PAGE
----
This summer, I started raising butterflies from the egg stage to caterpillar to chrysalis, and finally into Monarch butterflies floating around eating nectar and pollinating the flowers in my backyard. In total, 30 Monarchs, a species under federal protection because of loss of habitat, left the safety of my backyard to migrate south.
It is hard to fathom the miracle of transformation called metamorphosis unless you watch it with your own eyes as I did over the course of mid-July to late August. Watching it happen, I came to the realization that I am changed. The biggest change in me is a stronger commitment to gratitude—gratitude for what is, gratitude for the opportunity for transformation, and gratitude for the continuous change that impacts me physically, spiritually, and emotionally.
I have written previously about the transformational power of gratitude. Gratitude can change a peanut butter and jelly sandwich into a gourmet feast. My experience with the Monarch butterfly, showed me that I have never grasped fully, until now, that transformation is a cycle, not a linear process.
For example, I did not expect or understand how gratitude has and is still transforming Dasher- making our company stronger—until I had a recent conversation with Bonnie Meisel, CPA, Dasher’s Chief Financial Officer.
When I asked Bonnie about how she defined gratitude, she showed me an entirely new way of seeing transformation at Dasher and why it is so vital to us. Bonnie started off saying, “Gratitude is the sincere appreciation for our own immense blessings even while living in an imperfect world. Life is challenging, even brutal at times, but through gratitude, you can see the positive side of a situation. When you are focused on thankfulness, you cannot dwell in the negative.”
My own commitment to gratitude, being heightened by my experience with growing butterflies this summer, sparked this conversation with Bonnie. I admit that I thought our brilliant financial leader, someone with such a strong financial orientation, might not place much value on gratitude as a vital business driver, but Bonnie surely does and that is what makes her so remarkable.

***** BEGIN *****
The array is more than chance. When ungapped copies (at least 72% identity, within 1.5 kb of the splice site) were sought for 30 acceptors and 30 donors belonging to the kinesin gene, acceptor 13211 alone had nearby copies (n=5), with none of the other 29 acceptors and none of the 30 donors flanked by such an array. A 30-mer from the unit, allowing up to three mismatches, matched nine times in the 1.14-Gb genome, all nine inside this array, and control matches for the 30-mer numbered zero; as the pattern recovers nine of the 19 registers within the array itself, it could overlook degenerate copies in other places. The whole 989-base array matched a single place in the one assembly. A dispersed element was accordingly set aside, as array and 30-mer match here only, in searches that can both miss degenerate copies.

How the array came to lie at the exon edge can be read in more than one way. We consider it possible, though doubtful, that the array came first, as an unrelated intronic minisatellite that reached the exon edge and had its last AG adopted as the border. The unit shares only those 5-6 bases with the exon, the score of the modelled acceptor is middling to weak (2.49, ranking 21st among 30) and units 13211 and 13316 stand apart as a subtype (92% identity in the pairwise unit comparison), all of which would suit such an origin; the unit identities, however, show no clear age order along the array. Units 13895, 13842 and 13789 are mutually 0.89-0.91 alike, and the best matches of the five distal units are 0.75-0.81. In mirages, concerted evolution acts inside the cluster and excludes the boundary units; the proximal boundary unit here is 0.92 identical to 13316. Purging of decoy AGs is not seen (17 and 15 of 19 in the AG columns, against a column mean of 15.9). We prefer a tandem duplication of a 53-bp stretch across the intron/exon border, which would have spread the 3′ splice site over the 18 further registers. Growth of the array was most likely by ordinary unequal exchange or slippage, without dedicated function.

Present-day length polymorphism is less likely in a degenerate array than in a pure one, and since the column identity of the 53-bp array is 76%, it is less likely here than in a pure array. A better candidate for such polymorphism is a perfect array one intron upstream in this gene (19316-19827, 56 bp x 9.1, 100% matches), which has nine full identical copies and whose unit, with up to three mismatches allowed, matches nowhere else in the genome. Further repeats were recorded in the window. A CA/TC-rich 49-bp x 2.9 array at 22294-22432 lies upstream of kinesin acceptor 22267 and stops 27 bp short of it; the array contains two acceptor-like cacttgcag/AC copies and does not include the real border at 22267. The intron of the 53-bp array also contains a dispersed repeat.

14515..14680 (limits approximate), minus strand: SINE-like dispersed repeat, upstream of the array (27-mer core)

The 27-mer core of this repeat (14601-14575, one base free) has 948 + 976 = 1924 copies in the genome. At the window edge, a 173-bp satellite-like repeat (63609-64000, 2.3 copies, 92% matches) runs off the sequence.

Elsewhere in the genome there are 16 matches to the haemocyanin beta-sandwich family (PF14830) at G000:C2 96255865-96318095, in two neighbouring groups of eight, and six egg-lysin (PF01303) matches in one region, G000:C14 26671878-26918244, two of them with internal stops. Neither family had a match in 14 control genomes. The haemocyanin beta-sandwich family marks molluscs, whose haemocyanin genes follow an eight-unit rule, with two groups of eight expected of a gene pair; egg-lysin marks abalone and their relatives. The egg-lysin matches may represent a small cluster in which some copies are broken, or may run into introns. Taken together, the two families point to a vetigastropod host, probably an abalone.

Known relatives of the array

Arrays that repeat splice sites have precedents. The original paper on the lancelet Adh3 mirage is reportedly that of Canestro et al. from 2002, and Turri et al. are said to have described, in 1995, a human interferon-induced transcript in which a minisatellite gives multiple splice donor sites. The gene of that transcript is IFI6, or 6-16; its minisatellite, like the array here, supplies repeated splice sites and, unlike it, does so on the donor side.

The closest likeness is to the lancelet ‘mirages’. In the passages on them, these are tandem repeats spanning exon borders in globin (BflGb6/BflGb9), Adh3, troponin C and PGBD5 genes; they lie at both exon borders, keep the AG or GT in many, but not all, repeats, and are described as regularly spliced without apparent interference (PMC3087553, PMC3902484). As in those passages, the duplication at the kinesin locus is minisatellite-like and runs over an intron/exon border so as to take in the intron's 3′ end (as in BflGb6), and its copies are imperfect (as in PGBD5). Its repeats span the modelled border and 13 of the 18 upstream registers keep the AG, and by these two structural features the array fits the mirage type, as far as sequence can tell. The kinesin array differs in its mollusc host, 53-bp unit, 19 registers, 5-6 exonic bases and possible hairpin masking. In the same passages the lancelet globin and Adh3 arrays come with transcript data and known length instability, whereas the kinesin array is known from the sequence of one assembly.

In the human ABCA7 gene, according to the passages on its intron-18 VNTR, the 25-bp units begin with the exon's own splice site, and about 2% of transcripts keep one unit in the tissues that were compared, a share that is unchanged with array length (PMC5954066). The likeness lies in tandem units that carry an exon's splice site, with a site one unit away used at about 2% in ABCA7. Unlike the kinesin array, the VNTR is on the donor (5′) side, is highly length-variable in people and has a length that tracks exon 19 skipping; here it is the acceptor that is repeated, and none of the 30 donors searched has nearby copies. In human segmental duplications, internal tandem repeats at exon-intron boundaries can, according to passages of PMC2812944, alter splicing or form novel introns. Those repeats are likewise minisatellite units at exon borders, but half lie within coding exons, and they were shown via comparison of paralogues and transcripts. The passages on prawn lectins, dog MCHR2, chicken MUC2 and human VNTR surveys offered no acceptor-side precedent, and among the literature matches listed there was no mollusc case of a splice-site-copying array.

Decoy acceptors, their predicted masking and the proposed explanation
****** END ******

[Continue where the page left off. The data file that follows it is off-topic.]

Bonnie said, “I think of the gratitude ripple effect. We cannot have great financial performance without great people who feel cared for at Dasher and who are motivated to serve our customers with great dedication and skill. When we show how much we care, it has a ripple effect on everything, including our financial results.”
Bonnie pointed out that we expanded staff benefits and provided opportunities for growth in a caring environment while ensuring excellent customer focus. Then Bonnie shared a story with me about a recent meeting with her finance team where she asked what impact the recent changes in the economy were having on them personally and how Dasher might be able to assist.
Bonnie said, “I was fully expecting a long list of examples of how inflation cost them at every turn. Instead, the first response I received from one of my teammates was that while gas has become so expensive, he rarely fills up his tank now since he no longer has a commute to work. Dasher has afforded him the ability to work from home since the start of the pandemic.”
Bonnie told me her teammate went on to express his gratitude for the ability to work from home and mentioned that this change ultimately offered more in his net pay due to the need for less gas. This was a very positive response to a question that was presumed to yield some challenging discussions. Very uplifting and transformative.
Here’s where transformation is cyclical. With gratitude circulating around the finance team, a blinders-on, strict attention to spreadsheets and metrics transforms into more human connections and that transforms into more collaboration. Widespread collaboration spurs innovation and the impact on financial performance comes full circle and creates an upward financial spiral.